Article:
2. In a device for splitting hard concrete blocks or the like, a main frame, means mounted on said frame and providing a block-supporting surface, said surface being interrupted by a knife-passing slot, an upright frame mounted on said main frame and extending upwardly therefrom in the region of said slot, a knife-supporting frame mounted on said upright frame and guided thereby for limited vertical movement, said knife-supporting frame extending above and below said block-supporting surface, a lower knife carried by said knife-supporting frame beneath said surface and in register with the slot therein, a main jack mounted on said knifesupporting frame above said lower knife for expansion toward and contraction away from said lower knife, an upper knife bar carried by said jack between said jack and said lower knife, an upper knife mounted in said bar, said upper and lower knives being in register and opposed, a pair of tie rods depending from the upright frame and attached at their lower ends to said knife bar, and stop means on said upright frame limiting upward movement of said knifesupporting frame.

3. The device set forth in claim 2 in which removable collars are provided on each rod above a supporting portion of the frame for adjusting the effective length of the rods.

4. In a device for splitting substantially cured concrete blocks or the like, a main frame, means mounted on said frame and providing a block-supporting surface, said surface being interrupted by a knife-passing slot, an upright frame mounted on said main frame and extending upwardly therefrom in the region of said slot, at knife-sup porting frame mounted on said upright frame and guided thereby for limited vertical movement, said knife-supporting frame extending above and below said block-supporting surface, a lower knife carried by said knife-supporting frame beneath said surface and in register with the slot therein, a main jack mounted on said knife-supporting frame above said lower knife for expansion toward and contraction away from said lower knife, an upper knife carried by said jack between said jack and said lovEr knife, said upper and lower knives being in register and opposed, a pair of levers mounted at opposite sides, respectively, of said main frame for pivotal movement about horizontal axes, a pair of opposed side knives above said block-supporting surface mounted on said levers, respectively, above the pivotal axes thereof, said side knives being in the :same plane as that of said upper and lower knives, and jack means operably connected between said levers to move said pair of opposed knives toward and away from each other.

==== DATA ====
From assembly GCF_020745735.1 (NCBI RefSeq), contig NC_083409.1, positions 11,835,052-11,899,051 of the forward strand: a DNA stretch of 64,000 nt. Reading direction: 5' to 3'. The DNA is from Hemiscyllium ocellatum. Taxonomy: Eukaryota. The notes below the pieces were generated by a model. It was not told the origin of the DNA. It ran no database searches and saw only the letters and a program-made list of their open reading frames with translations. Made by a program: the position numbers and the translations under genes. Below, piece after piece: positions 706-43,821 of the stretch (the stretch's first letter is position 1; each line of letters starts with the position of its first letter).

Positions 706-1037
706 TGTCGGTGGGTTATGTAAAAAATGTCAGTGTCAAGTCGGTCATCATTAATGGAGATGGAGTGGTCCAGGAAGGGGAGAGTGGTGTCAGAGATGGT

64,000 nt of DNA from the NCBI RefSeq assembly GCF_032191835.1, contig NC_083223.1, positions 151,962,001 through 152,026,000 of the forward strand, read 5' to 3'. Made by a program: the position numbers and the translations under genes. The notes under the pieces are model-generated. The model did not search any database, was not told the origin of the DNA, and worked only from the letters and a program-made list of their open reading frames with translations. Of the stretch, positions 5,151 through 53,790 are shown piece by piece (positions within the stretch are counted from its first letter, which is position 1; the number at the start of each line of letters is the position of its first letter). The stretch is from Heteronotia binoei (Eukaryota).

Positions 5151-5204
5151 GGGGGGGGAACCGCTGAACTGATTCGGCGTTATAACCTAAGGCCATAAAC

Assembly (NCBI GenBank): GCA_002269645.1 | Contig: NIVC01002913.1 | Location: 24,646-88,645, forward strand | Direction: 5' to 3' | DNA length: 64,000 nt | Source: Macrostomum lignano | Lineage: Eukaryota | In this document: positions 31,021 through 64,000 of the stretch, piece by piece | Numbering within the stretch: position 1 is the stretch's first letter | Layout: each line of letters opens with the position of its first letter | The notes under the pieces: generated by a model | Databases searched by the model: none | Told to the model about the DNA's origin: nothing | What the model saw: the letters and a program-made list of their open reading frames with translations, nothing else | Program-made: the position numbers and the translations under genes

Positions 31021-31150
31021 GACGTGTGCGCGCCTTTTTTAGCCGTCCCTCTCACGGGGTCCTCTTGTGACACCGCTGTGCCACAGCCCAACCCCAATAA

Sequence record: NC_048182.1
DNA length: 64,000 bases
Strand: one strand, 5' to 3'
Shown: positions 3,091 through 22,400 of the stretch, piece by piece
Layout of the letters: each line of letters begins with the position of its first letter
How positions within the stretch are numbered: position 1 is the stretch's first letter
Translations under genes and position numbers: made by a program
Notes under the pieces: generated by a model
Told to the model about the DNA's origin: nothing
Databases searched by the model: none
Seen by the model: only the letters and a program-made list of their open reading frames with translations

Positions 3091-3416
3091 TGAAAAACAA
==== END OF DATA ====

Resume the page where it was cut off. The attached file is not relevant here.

5. In a device for splitting substantially cured concrete blocks or the like, a main frame, means mounted on said frame and providing a block-supporting surface, said surface being interrupted by a knife-passing :slot, an upright frame mounted on said main frame and extending upwardly therefrom in the region of said slot, a knifesupporting frame mounted on said upright frame and guided thereby for limited vertical movement, said knifesupporting frame extending above and below said blocksupporting surface, a lower knife carried by said knifesupporting surface, a lower knife carried by said knifesupporting frame beneath said surface and in register with the slot therein, a main jack mounted on said knife'sup porting frame above said lower knife for expansion toward and contraction away from said lower knife, an upper knife carried by said jack and said lower knife, said upper and lower knives being in register and opposed, a pair of opposed side knives carried by said frame above said block-supporting surface and mounted for movement toward each other in the same plane as that of said upper and lower knives, jack means operably connected to move said pair of opposed side knives toward. and away from each other, and means operably effective to limit penetration of a block by said upper, lower and side knives to a fraction of an inch of the order of less than one-fourth inch, said means including an adjustable stop on said upright frame to limit movement of said knife-supporting frame.